Tori Sharpe holds a master’s degree in Creative Writing from The University of Texas and a Ph.D. in Creative Writing from The University of North Texas. Her poetry has appeared in Poetry Daily, The Hopkins Review, Blackbird, The Southwest Review, Tar River Poetry, Stand Magazine and other journals. She is an Assistant Professor of English at Arkansas Tech University.

Buenos Aires

January 2010

I told myself the place
            would make a difference:
                       busy, humid, distant, utterly

foreign.  For a month, we walked
             or trotted, trying to catch a subway car
                        or train to take us to whatever site

we had settled on that day:  cemeterio,
            museo, jardin botánico
.  The heat
                        was piercing, solid as the ice.

Most nights we ate late, midnight
            or one, leaning our elbows against
                      the table to hear the other clearly, to watch

the stream of people outside, oblivious
           to the hour. The home we made was small—
                     two rooms, a balcony—but there,

so many miles beneath the everyday
            that had defeated us, I thought
                      I felt the change I wanted, a release

like the pop of breaking ice early spring,
            the water below still moving as it has
                        all through the frozen months,

                                                         the whole long year.



Tor House Prize for Poetry 2017

The annual Robinson Jeffers Tor House Prize for Poetry is established as a living memorial in honor of American poet Robinson Jeffers (1887-1962). The Prize is underwritten by Tor House Foundation Board member John Varady with additional support from Honorary Board Member Allen Mears and Board member Lacy Buck.   This year we received some 1,150 poems from 37 states and five foreign countries. The finalist judge for the 2017 Prize was poet Eavan Boland.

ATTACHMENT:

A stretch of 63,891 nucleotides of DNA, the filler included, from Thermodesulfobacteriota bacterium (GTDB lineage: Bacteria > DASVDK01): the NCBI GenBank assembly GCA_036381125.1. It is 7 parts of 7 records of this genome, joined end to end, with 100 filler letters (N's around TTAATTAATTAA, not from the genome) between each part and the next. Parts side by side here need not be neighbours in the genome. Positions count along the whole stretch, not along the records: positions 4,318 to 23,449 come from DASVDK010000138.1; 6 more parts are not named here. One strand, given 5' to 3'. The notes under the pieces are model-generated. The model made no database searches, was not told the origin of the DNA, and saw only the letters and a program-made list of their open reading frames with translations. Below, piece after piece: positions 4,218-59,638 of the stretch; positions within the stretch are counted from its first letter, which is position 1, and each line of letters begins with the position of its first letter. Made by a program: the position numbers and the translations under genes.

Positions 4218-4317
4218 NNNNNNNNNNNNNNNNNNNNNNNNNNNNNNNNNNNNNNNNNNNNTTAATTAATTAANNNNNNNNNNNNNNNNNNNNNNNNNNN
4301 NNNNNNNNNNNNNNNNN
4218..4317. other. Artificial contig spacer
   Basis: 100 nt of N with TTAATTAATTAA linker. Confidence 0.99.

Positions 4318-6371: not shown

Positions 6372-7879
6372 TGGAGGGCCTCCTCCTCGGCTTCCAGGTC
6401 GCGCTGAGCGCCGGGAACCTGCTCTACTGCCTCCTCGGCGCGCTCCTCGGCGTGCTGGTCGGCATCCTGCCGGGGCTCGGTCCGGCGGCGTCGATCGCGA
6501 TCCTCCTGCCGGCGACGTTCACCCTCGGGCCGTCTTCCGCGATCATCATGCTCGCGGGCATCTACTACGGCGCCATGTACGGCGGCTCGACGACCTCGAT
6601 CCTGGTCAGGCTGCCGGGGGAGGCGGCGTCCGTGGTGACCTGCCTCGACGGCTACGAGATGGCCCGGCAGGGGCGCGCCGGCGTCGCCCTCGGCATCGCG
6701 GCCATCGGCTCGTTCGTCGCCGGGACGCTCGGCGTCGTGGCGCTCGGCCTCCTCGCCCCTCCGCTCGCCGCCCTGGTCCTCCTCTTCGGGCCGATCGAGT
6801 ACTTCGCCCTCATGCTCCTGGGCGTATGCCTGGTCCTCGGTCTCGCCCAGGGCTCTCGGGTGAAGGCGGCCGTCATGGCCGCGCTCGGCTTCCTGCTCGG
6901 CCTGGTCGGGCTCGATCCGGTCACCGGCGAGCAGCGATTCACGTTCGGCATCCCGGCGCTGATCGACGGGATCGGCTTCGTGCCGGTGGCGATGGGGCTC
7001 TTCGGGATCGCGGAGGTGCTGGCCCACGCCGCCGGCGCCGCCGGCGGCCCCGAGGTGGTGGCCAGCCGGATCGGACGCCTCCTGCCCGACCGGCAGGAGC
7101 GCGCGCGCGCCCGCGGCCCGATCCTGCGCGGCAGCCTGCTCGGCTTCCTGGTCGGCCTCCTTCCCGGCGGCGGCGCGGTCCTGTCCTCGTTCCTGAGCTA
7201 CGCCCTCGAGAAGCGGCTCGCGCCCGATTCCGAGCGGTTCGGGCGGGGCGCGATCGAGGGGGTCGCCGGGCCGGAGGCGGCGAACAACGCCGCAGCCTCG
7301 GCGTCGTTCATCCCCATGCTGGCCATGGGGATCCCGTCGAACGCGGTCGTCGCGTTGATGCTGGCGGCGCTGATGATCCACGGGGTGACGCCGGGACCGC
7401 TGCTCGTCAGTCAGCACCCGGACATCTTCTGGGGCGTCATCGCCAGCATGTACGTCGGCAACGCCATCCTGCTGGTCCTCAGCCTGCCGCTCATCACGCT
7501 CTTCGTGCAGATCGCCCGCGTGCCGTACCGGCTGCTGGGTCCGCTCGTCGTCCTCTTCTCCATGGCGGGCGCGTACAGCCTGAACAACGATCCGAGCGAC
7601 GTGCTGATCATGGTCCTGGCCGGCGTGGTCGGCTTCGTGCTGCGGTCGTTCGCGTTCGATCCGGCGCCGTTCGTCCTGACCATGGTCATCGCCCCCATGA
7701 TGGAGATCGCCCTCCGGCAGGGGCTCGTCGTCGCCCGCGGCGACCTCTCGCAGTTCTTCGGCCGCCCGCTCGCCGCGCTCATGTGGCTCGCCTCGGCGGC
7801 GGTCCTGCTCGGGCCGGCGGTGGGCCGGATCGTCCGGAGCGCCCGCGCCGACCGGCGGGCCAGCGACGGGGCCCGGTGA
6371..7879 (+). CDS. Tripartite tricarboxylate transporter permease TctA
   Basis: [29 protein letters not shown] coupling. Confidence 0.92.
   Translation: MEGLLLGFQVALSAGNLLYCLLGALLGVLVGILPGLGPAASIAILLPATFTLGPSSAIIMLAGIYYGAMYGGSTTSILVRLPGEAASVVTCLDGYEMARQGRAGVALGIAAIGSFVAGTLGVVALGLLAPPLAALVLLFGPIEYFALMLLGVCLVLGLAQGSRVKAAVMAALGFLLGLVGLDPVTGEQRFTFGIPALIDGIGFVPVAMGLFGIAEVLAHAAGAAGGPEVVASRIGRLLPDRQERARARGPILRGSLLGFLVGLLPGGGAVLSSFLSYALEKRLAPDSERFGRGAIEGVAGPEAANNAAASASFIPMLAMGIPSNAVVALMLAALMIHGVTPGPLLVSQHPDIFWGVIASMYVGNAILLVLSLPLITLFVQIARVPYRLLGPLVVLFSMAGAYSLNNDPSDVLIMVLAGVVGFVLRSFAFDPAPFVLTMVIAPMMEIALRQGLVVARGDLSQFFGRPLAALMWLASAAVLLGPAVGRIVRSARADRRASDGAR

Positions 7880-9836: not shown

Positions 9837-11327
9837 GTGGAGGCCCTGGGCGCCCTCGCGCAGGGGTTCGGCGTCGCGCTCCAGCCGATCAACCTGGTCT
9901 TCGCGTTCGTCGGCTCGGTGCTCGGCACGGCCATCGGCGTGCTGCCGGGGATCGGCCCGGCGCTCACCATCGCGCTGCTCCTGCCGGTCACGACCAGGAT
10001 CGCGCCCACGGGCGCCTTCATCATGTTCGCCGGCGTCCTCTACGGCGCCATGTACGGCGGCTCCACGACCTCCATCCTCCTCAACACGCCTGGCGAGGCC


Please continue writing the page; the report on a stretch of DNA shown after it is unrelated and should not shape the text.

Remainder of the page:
We are pleased to announce that the 2017 Robinson Jeffers Tor House Prize for Poetry, an honorarium of $1,000, is awarded to:

Donald Levering
Santa Fe, New Mexico
for his poem
“The Notebook”

Honorable Mentions, each with an honorarium of $200, are awarded to:
Justin Hunt
Charlotte, North Carolina
for his poem “Somewhere South of Coldwater”

Mary Pinard
Roslindale, Massachusetts
for her poem “Late in the Season, Widow Gardening”
Cynthia C. Snow
Shelburne, Massachusetts
for her poem “To Maria, the Naturalist/From Esther, the Arawak Servant”

Chelsea Wagenaar
Valparaiso, Indiana
for her poem “Batrachomancy”

2017 Winning Poem "The Notebook" by Donald Levering. 

Donald Levering

Donald Levering

We are pleased to announce that Donald Leverling, from Santa Fe, New Mexico, is the winner of the 2017 Robinson Jeffers Tor House Prize for Poetry, for his poem “The Notebook” with an honorarium of $1,000.